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Kedahan Caught With Drugs Purchased With BPN Aid

Kedahan Caught With Drugs Purchased With BPN Aid

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Now here’s something you should definitely not do with taxpayer’s money.

While many Malaysians are horrified by the prospect of not having enough funds to last them in an economy ravaged by the global Covid-19 pandemic, a Kedah man was arrested by the police for not only violating the Movement Control Order (MCO) but was also caught in possession of drugs and illegal substances.

Supposedly, the 24-year-old suspect had purchased the narcotics using money he received from the government’s Bantuan Prihatin Nasional (BPN) aid handouts.

According to authorities, the man was detained during a roadblock in Alor Setar just an hour before midnight.

Upon further investigation, the police discovered that the man was carrying some 5 grams of shabu (amphetamines) and a bottle of some classic ketum juice.

Apparently the man also has prior records of drug offenses and had just got out of jail no more than 6 months ago.

Reportedly, the drugs alone were estimated to be worth some RM450.

Police showing off the confiscated narcotics.
(Credit: YouTube/Harian Metro)

The BPN aid is given out to eligible Malaysians in the B40 and M40 income group as part of the Prihatin Rakyat Economic Stimulus Package to help alleviate the burdens felt by the public during the nationwide lockdown.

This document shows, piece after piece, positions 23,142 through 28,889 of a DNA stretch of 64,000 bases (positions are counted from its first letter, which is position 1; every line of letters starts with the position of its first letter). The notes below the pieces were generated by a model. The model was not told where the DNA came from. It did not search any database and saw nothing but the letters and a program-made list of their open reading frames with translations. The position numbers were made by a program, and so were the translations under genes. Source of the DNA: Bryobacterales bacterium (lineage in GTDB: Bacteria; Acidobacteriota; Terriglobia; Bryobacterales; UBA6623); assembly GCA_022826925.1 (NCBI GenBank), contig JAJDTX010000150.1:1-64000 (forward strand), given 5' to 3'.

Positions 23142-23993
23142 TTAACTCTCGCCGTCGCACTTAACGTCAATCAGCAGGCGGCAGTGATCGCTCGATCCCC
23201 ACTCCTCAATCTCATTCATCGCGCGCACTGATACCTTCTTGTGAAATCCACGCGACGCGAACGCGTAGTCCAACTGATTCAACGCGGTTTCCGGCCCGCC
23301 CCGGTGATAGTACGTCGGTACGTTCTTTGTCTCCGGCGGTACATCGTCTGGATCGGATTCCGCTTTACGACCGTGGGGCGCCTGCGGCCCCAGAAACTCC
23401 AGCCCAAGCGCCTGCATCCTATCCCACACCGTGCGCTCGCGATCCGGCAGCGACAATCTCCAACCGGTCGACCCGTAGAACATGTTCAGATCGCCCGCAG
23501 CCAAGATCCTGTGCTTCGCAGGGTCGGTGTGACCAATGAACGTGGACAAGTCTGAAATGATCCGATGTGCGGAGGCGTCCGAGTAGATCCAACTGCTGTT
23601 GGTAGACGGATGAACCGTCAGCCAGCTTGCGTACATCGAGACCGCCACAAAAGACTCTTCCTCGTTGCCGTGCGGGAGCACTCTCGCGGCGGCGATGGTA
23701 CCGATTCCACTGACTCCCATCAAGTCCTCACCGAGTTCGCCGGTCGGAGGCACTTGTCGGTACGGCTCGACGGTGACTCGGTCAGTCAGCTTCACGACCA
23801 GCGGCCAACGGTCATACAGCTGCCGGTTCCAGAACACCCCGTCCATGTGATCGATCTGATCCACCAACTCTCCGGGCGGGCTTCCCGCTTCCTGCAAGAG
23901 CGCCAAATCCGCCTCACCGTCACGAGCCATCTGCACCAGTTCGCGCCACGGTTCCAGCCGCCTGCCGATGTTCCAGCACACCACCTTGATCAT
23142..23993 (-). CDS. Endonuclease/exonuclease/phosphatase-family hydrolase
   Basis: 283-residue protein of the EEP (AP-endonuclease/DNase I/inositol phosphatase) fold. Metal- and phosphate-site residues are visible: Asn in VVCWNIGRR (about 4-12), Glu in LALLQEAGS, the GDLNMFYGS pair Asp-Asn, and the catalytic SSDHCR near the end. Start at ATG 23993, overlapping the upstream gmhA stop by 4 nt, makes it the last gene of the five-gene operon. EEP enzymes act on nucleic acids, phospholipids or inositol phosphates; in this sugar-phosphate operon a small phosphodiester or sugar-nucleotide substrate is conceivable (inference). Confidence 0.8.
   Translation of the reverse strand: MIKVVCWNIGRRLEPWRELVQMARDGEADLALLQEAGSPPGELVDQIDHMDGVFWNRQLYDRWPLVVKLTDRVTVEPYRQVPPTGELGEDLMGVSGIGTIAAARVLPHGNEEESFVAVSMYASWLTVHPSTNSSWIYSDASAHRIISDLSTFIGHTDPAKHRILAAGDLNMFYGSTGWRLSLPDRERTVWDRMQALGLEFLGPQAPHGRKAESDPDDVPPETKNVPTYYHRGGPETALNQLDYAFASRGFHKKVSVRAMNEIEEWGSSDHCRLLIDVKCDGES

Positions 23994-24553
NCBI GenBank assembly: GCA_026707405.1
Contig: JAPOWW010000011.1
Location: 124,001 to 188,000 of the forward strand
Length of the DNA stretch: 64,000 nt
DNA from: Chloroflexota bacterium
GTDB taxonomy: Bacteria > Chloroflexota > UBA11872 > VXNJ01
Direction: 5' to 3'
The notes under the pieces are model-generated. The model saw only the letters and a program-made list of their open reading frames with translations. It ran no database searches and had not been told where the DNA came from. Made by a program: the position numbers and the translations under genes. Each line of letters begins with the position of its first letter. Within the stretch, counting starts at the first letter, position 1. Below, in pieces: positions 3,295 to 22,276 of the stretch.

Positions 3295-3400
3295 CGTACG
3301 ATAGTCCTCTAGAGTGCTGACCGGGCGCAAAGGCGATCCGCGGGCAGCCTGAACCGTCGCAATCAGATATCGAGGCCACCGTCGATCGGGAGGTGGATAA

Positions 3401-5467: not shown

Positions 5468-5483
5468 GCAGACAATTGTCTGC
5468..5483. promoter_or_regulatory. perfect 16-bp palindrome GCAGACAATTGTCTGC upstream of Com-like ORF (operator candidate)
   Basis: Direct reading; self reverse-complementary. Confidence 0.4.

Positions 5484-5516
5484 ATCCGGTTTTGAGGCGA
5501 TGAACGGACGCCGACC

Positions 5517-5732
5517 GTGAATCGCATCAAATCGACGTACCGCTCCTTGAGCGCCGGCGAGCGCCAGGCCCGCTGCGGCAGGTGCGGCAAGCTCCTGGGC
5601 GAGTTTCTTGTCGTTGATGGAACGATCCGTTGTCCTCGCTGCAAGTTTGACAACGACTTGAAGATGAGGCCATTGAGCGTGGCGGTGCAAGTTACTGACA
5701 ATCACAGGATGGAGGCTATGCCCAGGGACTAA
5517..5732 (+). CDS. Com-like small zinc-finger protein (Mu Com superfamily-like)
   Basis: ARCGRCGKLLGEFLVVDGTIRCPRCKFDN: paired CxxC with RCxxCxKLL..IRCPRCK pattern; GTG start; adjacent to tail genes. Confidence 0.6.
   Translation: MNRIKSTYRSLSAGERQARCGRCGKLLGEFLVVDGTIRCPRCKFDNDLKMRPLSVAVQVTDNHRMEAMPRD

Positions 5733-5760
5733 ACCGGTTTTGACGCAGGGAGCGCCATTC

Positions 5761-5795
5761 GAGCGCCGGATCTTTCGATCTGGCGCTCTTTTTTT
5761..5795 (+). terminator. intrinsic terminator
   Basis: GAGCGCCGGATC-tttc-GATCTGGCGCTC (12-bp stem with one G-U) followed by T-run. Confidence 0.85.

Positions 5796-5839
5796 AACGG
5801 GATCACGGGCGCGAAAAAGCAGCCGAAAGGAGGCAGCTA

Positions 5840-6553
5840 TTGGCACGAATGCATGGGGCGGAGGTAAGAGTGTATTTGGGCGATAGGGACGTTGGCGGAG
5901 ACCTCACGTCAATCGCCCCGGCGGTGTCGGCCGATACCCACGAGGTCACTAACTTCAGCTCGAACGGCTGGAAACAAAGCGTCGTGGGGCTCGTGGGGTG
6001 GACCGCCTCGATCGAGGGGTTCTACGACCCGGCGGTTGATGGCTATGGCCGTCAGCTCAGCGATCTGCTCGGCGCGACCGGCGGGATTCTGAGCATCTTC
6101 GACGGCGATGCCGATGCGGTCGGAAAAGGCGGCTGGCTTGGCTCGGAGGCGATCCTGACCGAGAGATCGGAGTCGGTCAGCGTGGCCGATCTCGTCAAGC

Each individual is entitled to between RM500 to RM800 depending on one’s income bracket, while families and households are given between RM1,000 to RM1,600.

Meanwhile, the state of Darul Aman wasn’t short in its share of delinquent individuals and MCO transgressors.

Bukit Aman holds nationwide 'Ops Mabuk' daily to arrest drink ...
Officers on duty during an Ops Covid roadblock.
(Credit: Malay Mail)

Along with the alleged addict, 13 other individuals also were detained for a number of reasons from trying to run over police barricades and jacking motorcycles, to simply being out when they’re not supposed to during the quarantine period.

Though we could imagine how outraged Malaysians might be by this drug-fueled news, the World Health Organisation (WHO) has already classified substance abuse as a legit public health issue and nations around the globe, including Malaysia, have been making efforts to address it as such, instead of treating the problem as a threat to national security.

Previously, the Pakatan Harapan government had planned to decriminalize drug possession for personal use before the end of its first term, before they were taken over by the Perikatan Nasional coalition.

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